What Makes Well Water Safe to Drink?

Well water should be tested to be sure it's safe to drink.

Most well water is safe to drink, but there can be health risks associated with well water used for drinking. Well water may contain microorganisms and chemicals that could make you sick. "Unlike public drinking water systems that serve many people, public health authorities don't check the quality of well water," says Michael Gochfeld, M.D., Ph.D., a professor of environmental and occupational medicine at the Robert Wood Johnson Medical School in Piscataway, New Jersey. That means it's up to the well owner to ensure that well water is safe to drink.



About 15 percent of Americans rely on well water for drinking, according to the Environmental Protection Agency (EPA). Contaminated well water can cause nausea, diarrhea and vomiting and potentially lead to serious health problems, such as cancer, kidney disorders and brain damage, says Dr. Gochfeld. Contaminants known as nitrates are especially hazardous for infants because they can disrupt oxygen flow in the blood of babies, according to the EPA. Regular testing for contaminants along with other precautions will help ensure that well water is safe to drink.


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Annual Testing

The EPA says that well water should be tested every year for bacteria and nitrates. Shallow wells are most at risk for bacteria leading to diarrhea and vomiting, according to the EPA. Wells near septic systems and livestock are susceptible to nitrates because they derive from human and animal waste. As of 2010, private labs charge $10 to $20 to test for these contaminants, but your local health department may test for free, according to the EPA. For wells used year-round, the best time to test is late summer. For camps and summer homes, the EPA recommends testing when you move in.


Other Testing

Well owners should test every three to five years for lead, arsenic, radon, uranium and certain other heavy metals, according to Gochfeld. The EPA suggests also testing for these contaminants before using the well for the first time. These tests may cost from several hundred to several thousand dollars, according to the EPA. If a contaminant is found, the results will include the concentration of the contaminant and whether this concentration exceeds the safe drinking water standard.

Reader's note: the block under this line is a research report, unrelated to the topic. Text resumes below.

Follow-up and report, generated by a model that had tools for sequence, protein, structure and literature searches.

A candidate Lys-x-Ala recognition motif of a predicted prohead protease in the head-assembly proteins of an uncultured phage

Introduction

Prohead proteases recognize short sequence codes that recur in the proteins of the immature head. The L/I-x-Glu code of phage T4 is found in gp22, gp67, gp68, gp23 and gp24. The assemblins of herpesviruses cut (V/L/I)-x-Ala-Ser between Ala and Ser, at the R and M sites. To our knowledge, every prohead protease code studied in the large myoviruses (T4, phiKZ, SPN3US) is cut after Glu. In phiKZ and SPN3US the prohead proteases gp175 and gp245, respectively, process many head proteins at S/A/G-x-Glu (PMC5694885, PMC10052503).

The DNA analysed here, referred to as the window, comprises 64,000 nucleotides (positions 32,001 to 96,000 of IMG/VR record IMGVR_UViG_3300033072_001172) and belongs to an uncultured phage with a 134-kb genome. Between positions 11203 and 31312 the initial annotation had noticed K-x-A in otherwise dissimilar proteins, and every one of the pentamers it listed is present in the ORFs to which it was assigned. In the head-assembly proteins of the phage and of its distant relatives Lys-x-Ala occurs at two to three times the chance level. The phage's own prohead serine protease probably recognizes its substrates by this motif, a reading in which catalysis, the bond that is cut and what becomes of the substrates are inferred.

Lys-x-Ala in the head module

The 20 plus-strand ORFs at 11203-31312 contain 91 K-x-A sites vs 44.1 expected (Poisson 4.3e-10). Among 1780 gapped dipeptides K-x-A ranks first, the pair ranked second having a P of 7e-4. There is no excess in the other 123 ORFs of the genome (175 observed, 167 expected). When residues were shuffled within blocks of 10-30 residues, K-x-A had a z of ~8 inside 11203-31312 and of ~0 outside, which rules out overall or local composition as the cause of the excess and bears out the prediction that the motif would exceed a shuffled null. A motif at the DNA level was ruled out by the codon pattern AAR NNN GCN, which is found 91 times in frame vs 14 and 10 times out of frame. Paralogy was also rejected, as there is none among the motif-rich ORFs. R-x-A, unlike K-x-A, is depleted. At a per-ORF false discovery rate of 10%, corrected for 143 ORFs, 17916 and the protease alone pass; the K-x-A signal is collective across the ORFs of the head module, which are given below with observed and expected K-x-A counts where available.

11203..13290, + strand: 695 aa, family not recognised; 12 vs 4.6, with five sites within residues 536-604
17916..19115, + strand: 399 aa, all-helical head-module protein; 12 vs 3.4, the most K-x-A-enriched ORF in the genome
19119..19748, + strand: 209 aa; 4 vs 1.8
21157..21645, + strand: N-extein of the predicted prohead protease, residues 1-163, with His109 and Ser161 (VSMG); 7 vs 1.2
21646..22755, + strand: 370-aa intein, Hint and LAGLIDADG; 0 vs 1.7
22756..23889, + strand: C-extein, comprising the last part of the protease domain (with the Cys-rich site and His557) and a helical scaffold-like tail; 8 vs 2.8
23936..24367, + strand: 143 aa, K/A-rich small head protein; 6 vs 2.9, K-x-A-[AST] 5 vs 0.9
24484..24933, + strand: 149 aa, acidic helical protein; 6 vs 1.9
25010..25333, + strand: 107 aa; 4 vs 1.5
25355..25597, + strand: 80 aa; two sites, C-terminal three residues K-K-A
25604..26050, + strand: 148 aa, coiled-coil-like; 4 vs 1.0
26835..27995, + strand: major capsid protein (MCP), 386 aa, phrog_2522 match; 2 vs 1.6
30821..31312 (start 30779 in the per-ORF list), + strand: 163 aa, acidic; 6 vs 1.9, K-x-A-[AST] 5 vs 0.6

Location of Well

The EPA recommends that wells be 50 feet away from septic tanks and livestock yards, 100 feet from petroleum tanks and liquid-tight manure storage and 250 feet from manure stacks. Your well should also be located so that rainwater flows away from it. Rain water can pick up harmful bacteria and chemicals on the land's surface. If it pools near your well, it could seep in.



Proper maintenance of your well will help keep your drinking water safe. The EPA recommends regularly inspecting your well for cracked or corroded well casings, a broken or missing well cap, and settling and cracking of surface seals. Periodically check any underground storage tanks that hold home-heating oil, diesel or gasoline for leaks. Make sure your well is well protected from the wastes of pets, wildlife and farm animals. Minimize use of fertilizers and pesticides, which can leach into ground water.


Water Filters

Filters and other private purification systems can help remove contaminants in well water. Those that use carbon filters remove lead and some heavy metals. Others, such as reverse-osmosis systems, strip out contaminants not necessarily caught by carbon filters. "Water filters may give you some peace of mind, but you still need to test because filters won't remove all contaminants from well water," emphasizes Gochfeld.



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